Facebook Announces Gameroom - Look Out Steam

Facebook must occupy its time with the careful concoction of business plans to rip off successful competitors. Er ... that's a bit harsh. As a company with the largest reach over our feeble lives, Facebook is determined to find any possible way to take over markets that it has no business being in. Okay, it turns out that I can't say this without bitterness: Facebook has officially announced Gameroom.

In official competition with Steam - a multiplayer gaming platform and library granting access to thousands of games from indies to shooters - Gameroom is Facebook's attempt to quash their success. On the official website, it reads: "Discover a better place to play. From shooters to strategy, builders to bingo, find your game in Gameroom - designed for PC gaming."

Formerly called Facebook Games Arcade, Gameroom is able to launch web, ported mobile, or native Gameroom games from a dedicated PC app. The free desktop gaming service, in development since May, is available to computers running Windows 7 and up. Happily, the very notion of Facebook (blue/white, bright and full of pictures) is removed in favour of a dark interface. However, in order to use the gaming client, you must be logged into Facebook at all times. Each dowloaded title requires approval for access to your profile. Before allowing each title access, it's best to check what information is required and why beforehand.

The beta build was opened to developers to encourage early development of native Gameroom titles. Currently, only games smaller than 200MB are allowed on the platform, though games up to 500MB will be approved on a case-by-case basis. Facebook claims that the Gameroom launcher will offer "better solutions around threading, debugging, networking and memory management" in addition to supporting multiple game formats, like HMTL5, Flash, Unity WebGL, and standalone Windows .exe (termed as Gameroom native since it's hosted on Facebook hosting). This all sounds awfully familiar ...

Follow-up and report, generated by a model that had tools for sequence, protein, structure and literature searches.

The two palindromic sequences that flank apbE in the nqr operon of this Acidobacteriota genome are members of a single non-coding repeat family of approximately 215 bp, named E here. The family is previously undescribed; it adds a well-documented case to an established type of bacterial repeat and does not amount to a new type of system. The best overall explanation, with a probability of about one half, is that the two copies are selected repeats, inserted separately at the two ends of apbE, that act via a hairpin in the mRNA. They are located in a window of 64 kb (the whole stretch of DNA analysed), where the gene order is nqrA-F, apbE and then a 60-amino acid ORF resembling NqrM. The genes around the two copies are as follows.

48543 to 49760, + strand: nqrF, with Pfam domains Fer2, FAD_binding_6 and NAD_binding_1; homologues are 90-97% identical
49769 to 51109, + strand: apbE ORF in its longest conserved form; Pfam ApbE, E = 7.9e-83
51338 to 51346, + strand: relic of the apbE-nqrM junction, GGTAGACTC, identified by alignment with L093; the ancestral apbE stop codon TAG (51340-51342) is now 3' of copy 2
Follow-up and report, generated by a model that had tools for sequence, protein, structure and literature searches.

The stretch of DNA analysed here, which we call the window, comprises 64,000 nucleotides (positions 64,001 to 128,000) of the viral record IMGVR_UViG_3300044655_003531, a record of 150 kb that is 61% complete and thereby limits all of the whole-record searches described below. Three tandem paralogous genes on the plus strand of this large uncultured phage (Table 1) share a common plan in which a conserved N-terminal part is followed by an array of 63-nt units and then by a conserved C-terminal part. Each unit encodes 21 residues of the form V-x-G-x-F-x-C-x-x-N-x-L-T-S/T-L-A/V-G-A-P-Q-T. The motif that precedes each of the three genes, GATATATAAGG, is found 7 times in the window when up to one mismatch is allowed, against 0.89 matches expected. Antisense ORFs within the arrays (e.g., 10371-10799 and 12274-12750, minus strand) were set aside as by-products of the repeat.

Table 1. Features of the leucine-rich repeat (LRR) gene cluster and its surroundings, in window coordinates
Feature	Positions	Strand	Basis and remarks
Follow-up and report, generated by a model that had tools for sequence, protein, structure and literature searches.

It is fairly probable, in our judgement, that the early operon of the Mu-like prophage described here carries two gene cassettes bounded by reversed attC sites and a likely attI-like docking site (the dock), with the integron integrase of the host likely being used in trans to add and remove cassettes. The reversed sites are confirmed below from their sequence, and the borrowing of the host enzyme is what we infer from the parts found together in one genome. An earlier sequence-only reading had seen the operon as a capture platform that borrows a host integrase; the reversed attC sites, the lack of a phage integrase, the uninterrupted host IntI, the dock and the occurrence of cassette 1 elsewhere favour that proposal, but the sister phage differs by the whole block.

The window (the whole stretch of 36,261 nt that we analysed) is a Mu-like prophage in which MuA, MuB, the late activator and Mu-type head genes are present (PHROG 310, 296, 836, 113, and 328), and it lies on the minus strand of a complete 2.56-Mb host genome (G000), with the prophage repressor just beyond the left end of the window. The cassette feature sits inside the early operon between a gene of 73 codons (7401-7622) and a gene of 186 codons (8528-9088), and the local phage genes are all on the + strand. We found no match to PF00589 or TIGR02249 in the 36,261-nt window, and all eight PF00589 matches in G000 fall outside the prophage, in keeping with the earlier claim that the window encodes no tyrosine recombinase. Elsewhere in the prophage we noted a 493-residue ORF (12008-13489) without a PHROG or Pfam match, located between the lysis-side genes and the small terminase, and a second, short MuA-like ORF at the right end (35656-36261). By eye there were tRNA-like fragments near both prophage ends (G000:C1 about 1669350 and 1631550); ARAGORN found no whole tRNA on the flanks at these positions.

Gameroom (left) v. Steam (right) Interface

Steamy Competition

Tap Scape
Steam has been a staple in PC gaming since the mid-2000's. Built in 2003, the all-in-one launcher was created to host Valve games; specifically, it was developed for Counter-Strike to automatically thwart hacking, apply updates to games, and act as a support network for players. It didn't find much popularity outside of Valve games until the release of Half-Life 2 in 2004. Here, Steam hit a small hiccup. As one of the most popular games of all time, selling over 6.5 million copies not including Steam sales, the influx of players caused Steam's unequipped servers to crash. For a while, this marked the desktop gaming launcher as unnecessary to the gaming scene. In 2005, the company finally hit its stride thanks to the steady acquisition of external publishers whose games were sold on Steam. In acquiring these publishers, Steam created a marketplace suited to every genre of game and provided a solid platform off of which to browse for and play games. It now commands a 70% share of the entire PC market.

With its 125 million active users, I seriously doubt that Gameroom will be able to compete. It's a great service, allowing IM-style chatting with friends and tracking game statistics including length of time spent playing each game in your library. For a long time now, Steam has been the leading desktop platform in providing unusual games alongside popular ones. A massive library of 781 million games encourages Steam users to create a wishlist. If you're lucky, some of those games will go on sale. Steam will send you an email when a game on your wishlist has gone on sale.

Can Facebook Appeal to PC Gamers?


PC gaming is not for the faint of heart. It requires basic PC knowledge, significant time dedication, bearing the complementary label (nerd), and a good chunk of money to get started. However, once you've made the conversion, there's no going back to console gaming. The elitist mentality of PC gamers is no exaggeration. Additionally, gamers throw around the term "casual" as a negative name for people who casually play games. That seems to be Facebook's target audience, the mainstream, uninitiated bunch who can't be bothered to invest in PC gaming.

For now, Gameroom is a glorified launcher for Facebook games with, perhaps, the hopes of frontlining the VR scene. It remains to be seen how Gameroom will be received by the gaming community. Announced in August, a partnership with Unity Technologies, a game development engine, is in the works potentially meaning a more varied library appealing to hardcore gamers in the future.

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